BALTIMORE, MD - OCTOBER 24: Maryland U.S. Attorney Rod J. Rosenstein, on Friday, October 24, 2014 in Baltimore, Maryland. Rosenstein said Carl Lackl was scheduled to be a witness to the Larry Haynes murder but was killed when Patrick Byers plotted his murder from his jail cell. (Photo by Michel du Cille/The Washington Post via Getty Images)
Rod Rosenstein, deputy attorney general nominee for U.S. President Donald Trump, listens during a Senate Judiciary Committee confirmation hearing in Washington, D.C., U.S., on Tuesday, March 7, 2017. The confirmation hearing for Rosenstein began with Republicans and Democrats squaring off over who should lead probes into Russian interference in the 2016 presidential election and potential contacts between Moscow and Trumps campaign team. Photographer: Andrew Harrer/Bloomberg via Getty Images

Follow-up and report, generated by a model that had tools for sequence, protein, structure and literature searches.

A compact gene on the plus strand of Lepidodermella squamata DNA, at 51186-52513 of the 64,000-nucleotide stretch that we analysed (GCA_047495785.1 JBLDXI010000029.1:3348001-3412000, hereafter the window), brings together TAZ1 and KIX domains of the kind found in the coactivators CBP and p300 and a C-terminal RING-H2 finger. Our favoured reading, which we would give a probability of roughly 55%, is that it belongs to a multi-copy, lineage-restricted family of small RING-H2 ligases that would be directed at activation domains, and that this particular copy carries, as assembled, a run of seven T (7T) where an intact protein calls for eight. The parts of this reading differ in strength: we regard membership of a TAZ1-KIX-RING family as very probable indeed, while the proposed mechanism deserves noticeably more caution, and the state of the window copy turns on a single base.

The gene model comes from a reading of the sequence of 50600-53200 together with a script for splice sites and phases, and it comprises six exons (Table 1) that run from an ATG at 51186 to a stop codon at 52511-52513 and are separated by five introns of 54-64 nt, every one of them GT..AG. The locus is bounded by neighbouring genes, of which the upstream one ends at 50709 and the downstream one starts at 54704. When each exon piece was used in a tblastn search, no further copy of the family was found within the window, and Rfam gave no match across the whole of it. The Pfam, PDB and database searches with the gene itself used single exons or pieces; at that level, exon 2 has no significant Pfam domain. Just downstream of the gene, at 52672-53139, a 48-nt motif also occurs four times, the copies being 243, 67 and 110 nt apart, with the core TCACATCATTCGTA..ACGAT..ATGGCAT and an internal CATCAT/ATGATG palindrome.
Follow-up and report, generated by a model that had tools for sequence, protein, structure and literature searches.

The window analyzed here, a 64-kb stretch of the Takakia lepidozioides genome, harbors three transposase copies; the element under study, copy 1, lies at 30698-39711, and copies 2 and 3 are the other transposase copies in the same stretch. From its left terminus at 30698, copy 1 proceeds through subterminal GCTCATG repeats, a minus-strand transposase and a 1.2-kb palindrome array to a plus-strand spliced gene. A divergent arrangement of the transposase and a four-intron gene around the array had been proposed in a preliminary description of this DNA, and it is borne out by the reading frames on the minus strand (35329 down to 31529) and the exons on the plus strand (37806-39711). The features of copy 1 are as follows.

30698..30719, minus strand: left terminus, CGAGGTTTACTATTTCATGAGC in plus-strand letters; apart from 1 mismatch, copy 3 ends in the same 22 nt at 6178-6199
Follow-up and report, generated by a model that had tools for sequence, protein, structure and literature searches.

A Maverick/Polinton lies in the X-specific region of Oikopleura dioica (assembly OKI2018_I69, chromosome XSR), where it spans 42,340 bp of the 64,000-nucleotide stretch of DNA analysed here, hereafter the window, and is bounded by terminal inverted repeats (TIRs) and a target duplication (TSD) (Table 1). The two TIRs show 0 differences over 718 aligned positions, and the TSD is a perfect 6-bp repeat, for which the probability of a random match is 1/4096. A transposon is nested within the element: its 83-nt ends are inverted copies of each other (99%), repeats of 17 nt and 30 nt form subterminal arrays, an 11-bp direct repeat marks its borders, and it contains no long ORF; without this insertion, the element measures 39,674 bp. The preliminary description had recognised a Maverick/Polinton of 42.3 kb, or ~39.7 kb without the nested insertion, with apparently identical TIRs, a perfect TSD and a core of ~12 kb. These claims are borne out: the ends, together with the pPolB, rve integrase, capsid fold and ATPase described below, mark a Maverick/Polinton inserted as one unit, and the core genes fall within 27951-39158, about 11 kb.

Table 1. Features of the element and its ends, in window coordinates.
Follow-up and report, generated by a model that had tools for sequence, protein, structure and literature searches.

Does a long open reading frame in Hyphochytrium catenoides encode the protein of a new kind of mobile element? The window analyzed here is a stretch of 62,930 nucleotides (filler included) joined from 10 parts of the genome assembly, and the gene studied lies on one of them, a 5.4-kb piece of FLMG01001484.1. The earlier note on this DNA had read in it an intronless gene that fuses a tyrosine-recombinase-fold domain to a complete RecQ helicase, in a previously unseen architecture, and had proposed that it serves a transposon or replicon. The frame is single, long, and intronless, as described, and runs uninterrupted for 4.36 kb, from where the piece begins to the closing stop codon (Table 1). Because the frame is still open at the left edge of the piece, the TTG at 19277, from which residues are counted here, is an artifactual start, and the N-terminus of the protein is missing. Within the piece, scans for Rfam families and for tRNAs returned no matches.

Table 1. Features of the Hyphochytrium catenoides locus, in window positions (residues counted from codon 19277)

Rod Rosenstein, deputy attorney general nominee for U.S. President Donald Trump, swears in to a Senate Judiciary Committee confirmation hearing in Washington, D.C., U.S., on Tuesday, March 7, 2017. The confirmation hearing for Rosenstein began with Republicans and Democrats squaring off over who should lead probes into Russian interference in the 2016 presidential election and potential contacts between Moscow and Trumps campaign team. Photographer: Andrew Harrer/Bloomberg via Getty Images
Rod Rosenstein, deputy attorney general nominee for U.S. President Donald Trump, sits during a Senate Judiciary Committee confirmation hearing in Washington, D.C., U.S., on Tuesday, March 7, 2017. The confirmation hearing for Rosenstein began with Republicans and Democrats squaring off over who should lead probes into Russian interference in the 2016 presidential election and potential contacts between Moscow and Trumps campaign team. Photographer: Andrew Harrer/Bloomberg via Getty Images